Case Study: Copleston High School, Ipswich
Copleston High School in Ipswich did lots to celebrate Bring Home the Harvest in British Food Fortnight 2014!
They started by holding a tea party serving British food and commemorating the centenary of WW1 in their ‘Dig for Victory’ garden area. It was organised
by school’s the Duke of Edinburgh students and supported by the garden club students.
Local councillors, school governors, community members, teachers and students were invited to attend and try out some of Suffolk’s finest as the event was supported by local producers who donated goodies. These included Rodwells Farm cheese, Lane Farm salami, Suffolk Pate Company, James white fruit juice, Stokes’ jams and sauces and Aspalls vinegar for cooking. Local foods were researched and the school’s WOW cooking club made Suffolk rusks and allotment cakes, using locally sourced flour to compliment the donate food and drink, and the WOW gardening club produced relish, jam and chutney. The Duke of Edinburgh students, with the support of ICT, even put together a leaflet of local growers/producers so people would know all about them.
Other activities as part of the celebrations and to learn more about British food included a cook-off competition organised by the school caterers, Chartwells. Three years groups were involved and it focused on the benefits of eating and cooking fresh and local produce. Two teams of a teacher and two students in each year had 15 minutes to cook a meal, which was then critiqued by students and staff. Each team was fully supported by the whole year group cheering on the teams.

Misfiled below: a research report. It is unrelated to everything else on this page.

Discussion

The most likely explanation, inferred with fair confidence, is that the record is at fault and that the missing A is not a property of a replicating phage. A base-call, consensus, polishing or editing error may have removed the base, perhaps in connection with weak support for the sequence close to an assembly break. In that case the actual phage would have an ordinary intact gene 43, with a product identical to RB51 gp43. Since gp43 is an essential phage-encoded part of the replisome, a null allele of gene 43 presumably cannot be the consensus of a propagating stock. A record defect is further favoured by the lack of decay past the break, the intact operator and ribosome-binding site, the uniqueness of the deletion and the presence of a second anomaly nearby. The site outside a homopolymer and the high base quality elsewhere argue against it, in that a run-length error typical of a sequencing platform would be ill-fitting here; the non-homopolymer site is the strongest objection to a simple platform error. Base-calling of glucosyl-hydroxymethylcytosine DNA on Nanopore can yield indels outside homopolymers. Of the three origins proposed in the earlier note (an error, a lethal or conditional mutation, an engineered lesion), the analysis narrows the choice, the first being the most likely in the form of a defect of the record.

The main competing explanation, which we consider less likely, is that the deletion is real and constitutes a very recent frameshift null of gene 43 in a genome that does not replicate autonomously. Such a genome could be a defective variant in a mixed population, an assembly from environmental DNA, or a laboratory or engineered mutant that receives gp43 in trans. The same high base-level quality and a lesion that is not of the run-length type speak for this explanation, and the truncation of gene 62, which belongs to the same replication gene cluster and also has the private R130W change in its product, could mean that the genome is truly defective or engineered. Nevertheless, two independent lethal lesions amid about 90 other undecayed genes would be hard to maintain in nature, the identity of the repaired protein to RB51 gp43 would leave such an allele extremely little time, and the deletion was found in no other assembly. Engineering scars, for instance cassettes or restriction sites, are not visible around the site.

There was also a trip to Thompson and Morgan’s to learn about plant development. Taste testing took place in the allotment, where students got to try some more unusual items such as Crystal lemon cucumbers, cucamelons and tomatillos, and the canteen offered locally sourced food on the menu.
"Getting involved with British Food Fortnight is a fantastic opportunity for our students to participate in a number of activities, encouraging them to think about a wealth of topics connected with British food. Being a county steeped in agricultural heritage it is vital we teach our students the importance of supporting local businesses and local economy along with encouraging healthy eating of safe nutritious, traceable food farmed sustainably and the impact of food miles."
Cindy Newey, Garden Project Worker at Copleston High School
"I recently attended a Tea Party at Copleston High School where I saw the efforts the students involved in the British Food Fortnight had put back into their garden, and to the display and selection of natural fruit juice drinks, home-made relishes, cakes and fruits. I was very impressed by their efforts, enthusiasm and knowledge and am sure Suffolk’s reputation for tasty local products is safe in their hands."
Mr Richard Calvesbert, Vice Chairman Governors at Copleston High School